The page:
I love smartphone games! If I have two minutes to spare – or two hours – you will more than likely find me reaching for my smartphone and firing up one of my all-time favorites games. Whether I’m chasing a new high score in Temple Run or trying to take down one of my girlfriends in Words With Friends, there is nothing better than losing myself in a little mobile distraction.

If you’re interested in smartphone gaming, then here are 10 of my favorites, which include some of the more popular classics. Most of them are free or cost just a couple of dollars, so all you need to do is make a quick trip to the app store and your 4G network or Wi-Fi connection will take care of the rest. Happy gaming!

  • Tetris

    tetrisOne of the most popular games of all time. Just move the shapes to clear the lines and keep going for as long as you can. The latest touchscreen version adds a welcome new twist to an old classic.

    Platform: iOS, Android
  • Bejeweled Blitz

    bejeweled-blitzThe one-minute version of the popular Facebook game, Bejeweled Blitz is the perfect game for that back-of-the-taxi ride or when you want to kill a few minutes. Line up the jewels for points, and speed bonuses, star gems, “hypercubes” and “multipliers” will all add to your score.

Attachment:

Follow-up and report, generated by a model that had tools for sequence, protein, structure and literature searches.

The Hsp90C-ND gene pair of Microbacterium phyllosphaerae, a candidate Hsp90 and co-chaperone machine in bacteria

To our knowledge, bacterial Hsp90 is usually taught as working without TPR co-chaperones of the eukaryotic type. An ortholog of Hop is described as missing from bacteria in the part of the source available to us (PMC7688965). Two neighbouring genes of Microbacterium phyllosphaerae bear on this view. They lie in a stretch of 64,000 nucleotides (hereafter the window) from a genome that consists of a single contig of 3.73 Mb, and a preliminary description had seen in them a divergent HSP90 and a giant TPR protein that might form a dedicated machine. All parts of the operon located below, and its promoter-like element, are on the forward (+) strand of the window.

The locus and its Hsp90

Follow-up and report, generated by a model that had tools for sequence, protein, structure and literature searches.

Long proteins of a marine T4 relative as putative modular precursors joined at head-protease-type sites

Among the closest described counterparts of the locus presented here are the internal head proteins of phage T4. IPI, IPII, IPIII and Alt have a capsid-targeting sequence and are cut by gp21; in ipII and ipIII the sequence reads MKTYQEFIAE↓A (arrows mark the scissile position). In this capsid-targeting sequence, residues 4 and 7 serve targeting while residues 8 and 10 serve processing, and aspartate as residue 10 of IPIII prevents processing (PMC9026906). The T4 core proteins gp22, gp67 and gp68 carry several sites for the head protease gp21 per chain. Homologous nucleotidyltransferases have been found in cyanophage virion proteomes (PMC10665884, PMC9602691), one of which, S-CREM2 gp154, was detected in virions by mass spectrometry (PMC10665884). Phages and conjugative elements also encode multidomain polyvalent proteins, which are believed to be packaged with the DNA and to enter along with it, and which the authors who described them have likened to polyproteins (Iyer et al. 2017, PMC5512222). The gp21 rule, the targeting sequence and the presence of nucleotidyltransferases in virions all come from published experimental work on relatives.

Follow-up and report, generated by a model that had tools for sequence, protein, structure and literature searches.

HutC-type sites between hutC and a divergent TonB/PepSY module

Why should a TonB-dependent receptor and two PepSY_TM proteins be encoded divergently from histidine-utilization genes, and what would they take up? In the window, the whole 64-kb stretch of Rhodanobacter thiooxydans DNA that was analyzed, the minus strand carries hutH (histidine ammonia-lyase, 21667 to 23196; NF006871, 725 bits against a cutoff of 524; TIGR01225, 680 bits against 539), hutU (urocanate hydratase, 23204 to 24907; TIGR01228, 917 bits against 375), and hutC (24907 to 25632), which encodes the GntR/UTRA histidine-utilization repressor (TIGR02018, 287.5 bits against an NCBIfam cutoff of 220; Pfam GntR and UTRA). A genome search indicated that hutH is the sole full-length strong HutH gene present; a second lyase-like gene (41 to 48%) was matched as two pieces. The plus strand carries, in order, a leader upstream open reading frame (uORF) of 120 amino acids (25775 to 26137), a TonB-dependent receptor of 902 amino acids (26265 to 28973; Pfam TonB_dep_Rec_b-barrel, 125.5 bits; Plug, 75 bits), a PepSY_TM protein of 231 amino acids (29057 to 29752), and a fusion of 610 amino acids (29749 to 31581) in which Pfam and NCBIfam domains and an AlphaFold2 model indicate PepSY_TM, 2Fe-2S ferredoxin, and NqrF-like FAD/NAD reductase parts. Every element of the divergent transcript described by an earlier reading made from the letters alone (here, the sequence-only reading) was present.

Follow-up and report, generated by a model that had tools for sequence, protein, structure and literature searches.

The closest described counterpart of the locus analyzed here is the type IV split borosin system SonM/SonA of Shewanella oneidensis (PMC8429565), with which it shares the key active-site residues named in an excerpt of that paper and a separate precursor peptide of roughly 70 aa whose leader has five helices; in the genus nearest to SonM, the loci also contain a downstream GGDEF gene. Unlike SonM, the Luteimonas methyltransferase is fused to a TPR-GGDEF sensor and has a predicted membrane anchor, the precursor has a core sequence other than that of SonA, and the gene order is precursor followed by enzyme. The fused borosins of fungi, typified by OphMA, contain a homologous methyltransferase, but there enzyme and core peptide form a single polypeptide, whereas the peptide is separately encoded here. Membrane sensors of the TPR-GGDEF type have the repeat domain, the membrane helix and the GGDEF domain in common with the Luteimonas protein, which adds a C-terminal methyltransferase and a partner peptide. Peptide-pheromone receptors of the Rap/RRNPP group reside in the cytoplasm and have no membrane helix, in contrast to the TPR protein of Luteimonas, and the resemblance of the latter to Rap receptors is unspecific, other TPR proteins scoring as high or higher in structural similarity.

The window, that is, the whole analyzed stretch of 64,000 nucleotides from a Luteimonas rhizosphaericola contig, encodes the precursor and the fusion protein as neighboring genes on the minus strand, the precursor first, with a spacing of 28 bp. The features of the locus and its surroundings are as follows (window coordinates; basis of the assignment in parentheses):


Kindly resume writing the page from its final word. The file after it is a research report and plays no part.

Platform: iOS
  • Words With Friends

    words-with-friendsPerhaps my all-time favorite, Words With Friends is a strategy word game that is a lot like scrabble. You can play with Facebook friends, the person sitting next to you or random players online. Use the seven available letters to make a word – and make sure you hit those premium squares!

    Platform: iOS, Android
  • Where’s My Perry

    wheres-my-perryA beautiful game with highly polished graphics and a wonderful storyline. Help Perry navigate a treacherous path through the underground maze. A great game to play with kids, although you may end up playing it more than they do!

    Platform: iOS, Android
  • Temple Run

    temple-runAn incredibly simple game that can be incredibly difficult to master! Use swipe and tilt controls to make sharp turns and jump over stumps, gaps in the path and other obstacles, all as you are chased by the Evil Demon Monkeys. In hundreds of tries I have yet to come close to my 12-year-old’s high scores!

    Platform: iOS, Android
  • Doodle Jump

    doodle-jumpAn oldie but goodie, Doodle Jump is a classic platforming game that rewards dexterity and imagination. Look for the propeller hats, trampolines and jetpacks for an extra boost. An immensely satisfying game for beginners, as your high score improves almost every time you play!